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In Victorian and Edwardian times, it was commonplace to build two or three storeys of house above ground and have another level underground. Whether you call it a basement or a cellar, these below ground level spaces were used for a variety of tasks and came to serve as bomb shelters during World War II. While only a small number of UK houses have basements, there is a growing trend to add them or to include them in new build properties – but why?

Add Space Without Increasing FootprintCurrently around 2% of new build properties have a basement included in their design, although around 7% make use of a sloping site than include some underground levels, albeit partially rather than completely. Back in the 1920s and 30s, the need to include these basement spaces waned as there were more houses being built and the requirement for homes was met. But today, we are back in the position of desperately needing more homes and more space in the home so the basement is returning.From a construction viewpoint, one of the big benefits of a basement or cellar is that you can increase the space available in the house without increasing its footprint. While a loft conversion is a similar idea, a basement doesn’t have the complexities of the roof beams and shaping. Instead, it can use the same space as the main house, simply underground.

Advances In Damp Proofing

The advances in damp proofing, prevention and treatment and the understanding of the different types of damp is another area that has greatly benefited basements. At one time, these underground spaces were often damp, cold and had an unpleasant smell. Now, as we understand damp and its causes, these spaces can be treated to make them habitable, comfortable and no different to other parts of the house – apart from a lack of windows.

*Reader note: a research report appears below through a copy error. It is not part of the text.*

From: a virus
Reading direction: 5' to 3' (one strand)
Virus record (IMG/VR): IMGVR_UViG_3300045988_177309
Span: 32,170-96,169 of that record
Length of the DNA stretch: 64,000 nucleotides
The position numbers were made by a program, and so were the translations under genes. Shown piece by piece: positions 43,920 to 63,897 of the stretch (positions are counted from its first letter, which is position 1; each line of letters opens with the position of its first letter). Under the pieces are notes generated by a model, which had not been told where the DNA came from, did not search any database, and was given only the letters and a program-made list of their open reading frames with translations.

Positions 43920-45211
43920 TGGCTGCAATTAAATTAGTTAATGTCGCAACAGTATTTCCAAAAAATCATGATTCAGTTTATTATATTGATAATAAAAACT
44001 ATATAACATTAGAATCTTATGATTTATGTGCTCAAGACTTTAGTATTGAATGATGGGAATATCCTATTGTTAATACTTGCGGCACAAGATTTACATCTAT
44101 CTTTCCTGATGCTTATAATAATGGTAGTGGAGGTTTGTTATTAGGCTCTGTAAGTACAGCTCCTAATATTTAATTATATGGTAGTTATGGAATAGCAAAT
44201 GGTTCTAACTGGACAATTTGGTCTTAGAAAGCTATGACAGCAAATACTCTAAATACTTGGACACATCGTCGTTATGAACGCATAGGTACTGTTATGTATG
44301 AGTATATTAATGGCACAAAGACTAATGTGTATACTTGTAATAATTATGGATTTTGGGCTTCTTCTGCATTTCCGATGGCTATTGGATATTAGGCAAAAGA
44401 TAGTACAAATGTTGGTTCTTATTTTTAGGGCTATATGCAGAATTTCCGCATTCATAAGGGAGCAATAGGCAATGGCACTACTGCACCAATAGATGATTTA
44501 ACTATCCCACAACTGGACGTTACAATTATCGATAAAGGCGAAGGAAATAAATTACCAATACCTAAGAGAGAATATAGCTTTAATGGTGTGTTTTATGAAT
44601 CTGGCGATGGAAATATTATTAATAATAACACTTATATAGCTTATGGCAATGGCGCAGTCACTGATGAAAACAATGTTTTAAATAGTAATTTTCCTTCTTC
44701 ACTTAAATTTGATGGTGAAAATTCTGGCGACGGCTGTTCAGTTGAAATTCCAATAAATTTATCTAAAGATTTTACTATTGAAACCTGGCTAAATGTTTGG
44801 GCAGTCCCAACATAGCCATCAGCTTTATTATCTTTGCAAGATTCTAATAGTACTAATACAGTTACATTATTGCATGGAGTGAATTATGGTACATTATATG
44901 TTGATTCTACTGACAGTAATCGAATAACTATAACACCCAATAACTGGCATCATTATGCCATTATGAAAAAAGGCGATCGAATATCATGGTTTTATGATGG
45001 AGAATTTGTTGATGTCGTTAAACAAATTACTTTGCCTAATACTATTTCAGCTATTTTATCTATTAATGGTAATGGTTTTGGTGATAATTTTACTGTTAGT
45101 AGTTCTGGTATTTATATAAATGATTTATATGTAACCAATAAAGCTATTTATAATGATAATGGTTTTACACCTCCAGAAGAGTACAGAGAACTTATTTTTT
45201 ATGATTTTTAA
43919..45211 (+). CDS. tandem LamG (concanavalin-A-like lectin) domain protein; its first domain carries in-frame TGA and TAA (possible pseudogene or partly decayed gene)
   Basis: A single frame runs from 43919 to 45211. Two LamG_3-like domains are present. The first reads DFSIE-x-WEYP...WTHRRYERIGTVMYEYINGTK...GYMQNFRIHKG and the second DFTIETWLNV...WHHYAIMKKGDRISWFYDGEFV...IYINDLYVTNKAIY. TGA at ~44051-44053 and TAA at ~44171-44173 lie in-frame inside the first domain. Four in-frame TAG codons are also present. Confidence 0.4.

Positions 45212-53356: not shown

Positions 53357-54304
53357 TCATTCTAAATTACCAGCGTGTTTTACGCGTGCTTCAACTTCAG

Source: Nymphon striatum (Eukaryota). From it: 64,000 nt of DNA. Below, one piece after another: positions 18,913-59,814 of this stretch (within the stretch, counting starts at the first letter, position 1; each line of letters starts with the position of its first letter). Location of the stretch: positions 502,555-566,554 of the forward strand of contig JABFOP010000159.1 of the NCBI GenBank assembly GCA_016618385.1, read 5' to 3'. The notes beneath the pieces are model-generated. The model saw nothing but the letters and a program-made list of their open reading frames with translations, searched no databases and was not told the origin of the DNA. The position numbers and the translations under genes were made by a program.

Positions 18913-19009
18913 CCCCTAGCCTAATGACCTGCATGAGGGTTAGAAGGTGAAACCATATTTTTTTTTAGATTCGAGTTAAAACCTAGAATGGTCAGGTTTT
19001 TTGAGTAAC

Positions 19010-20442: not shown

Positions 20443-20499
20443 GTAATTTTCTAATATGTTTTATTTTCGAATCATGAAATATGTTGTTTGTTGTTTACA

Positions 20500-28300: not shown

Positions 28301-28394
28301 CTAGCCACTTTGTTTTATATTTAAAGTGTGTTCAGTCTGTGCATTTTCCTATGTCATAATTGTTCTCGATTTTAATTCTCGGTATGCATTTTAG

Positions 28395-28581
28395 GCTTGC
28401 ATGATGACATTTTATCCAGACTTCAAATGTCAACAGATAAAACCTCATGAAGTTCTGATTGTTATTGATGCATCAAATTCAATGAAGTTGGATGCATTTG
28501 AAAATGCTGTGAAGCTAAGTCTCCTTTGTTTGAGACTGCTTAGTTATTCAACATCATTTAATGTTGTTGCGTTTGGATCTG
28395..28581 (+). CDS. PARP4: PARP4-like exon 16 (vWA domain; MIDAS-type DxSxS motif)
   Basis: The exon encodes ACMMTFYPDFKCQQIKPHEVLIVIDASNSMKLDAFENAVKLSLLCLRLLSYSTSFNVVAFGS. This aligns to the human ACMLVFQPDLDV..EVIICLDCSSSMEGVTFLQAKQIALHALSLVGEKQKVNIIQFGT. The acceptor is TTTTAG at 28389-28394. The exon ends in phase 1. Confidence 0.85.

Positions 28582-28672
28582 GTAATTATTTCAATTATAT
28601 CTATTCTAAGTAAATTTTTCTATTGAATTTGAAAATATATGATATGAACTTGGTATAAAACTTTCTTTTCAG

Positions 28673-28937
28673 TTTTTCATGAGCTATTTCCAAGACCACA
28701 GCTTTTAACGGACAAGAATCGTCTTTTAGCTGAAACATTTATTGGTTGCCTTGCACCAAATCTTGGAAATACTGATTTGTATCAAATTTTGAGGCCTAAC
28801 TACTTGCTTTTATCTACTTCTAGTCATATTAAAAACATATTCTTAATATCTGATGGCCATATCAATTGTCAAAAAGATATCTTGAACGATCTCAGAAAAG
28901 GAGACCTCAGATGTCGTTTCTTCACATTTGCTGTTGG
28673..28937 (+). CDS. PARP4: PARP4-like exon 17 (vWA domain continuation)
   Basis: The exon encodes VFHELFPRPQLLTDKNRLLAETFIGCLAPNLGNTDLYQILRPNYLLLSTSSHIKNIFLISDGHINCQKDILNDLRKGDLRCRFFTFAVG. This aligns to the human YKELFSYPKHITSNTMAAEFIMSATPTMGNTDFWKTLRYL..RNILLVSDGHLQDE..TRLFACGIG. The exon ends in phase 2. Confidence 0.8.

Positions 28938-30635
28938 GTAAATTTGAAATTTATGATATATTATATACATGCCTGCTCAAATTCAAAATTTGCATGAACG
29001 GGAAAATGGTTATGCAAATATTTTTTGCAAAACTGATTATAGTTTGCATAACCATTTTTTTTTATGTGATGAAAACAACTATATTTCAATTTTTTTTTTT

This means that basements are being used as living space by many homeowners or working space by businesses, rather than simply storage areas. Ideas range from extra office space or staff areas in businesses through to second living rooms, home offices or even a playroom or home cinema.

Finding A Professional

One of the problems with adding a basement or including one on a new build is that not all professionals are versed in them. Some architects, for example, may not want to design a house including a basement for fear that if something goes wrong, they will be held accountable. When basements are included, there can be the need for specialists in damp proofing services to help ensure the spaces are fit for purpose. Finally, if you live in a high water table area, you won’t get planning permission for one.

While a basement won’t work for everyone, it is definitely an option for some new build properties and even as an amendment to existing properties. The extra space gained is useable and comfortable with the right damp proofing and can have an infinity number of purposes.

Stuart Cooke is the Marketing Manager at SpecifiedBy, an online platform for specifiers, architects and construction professionals.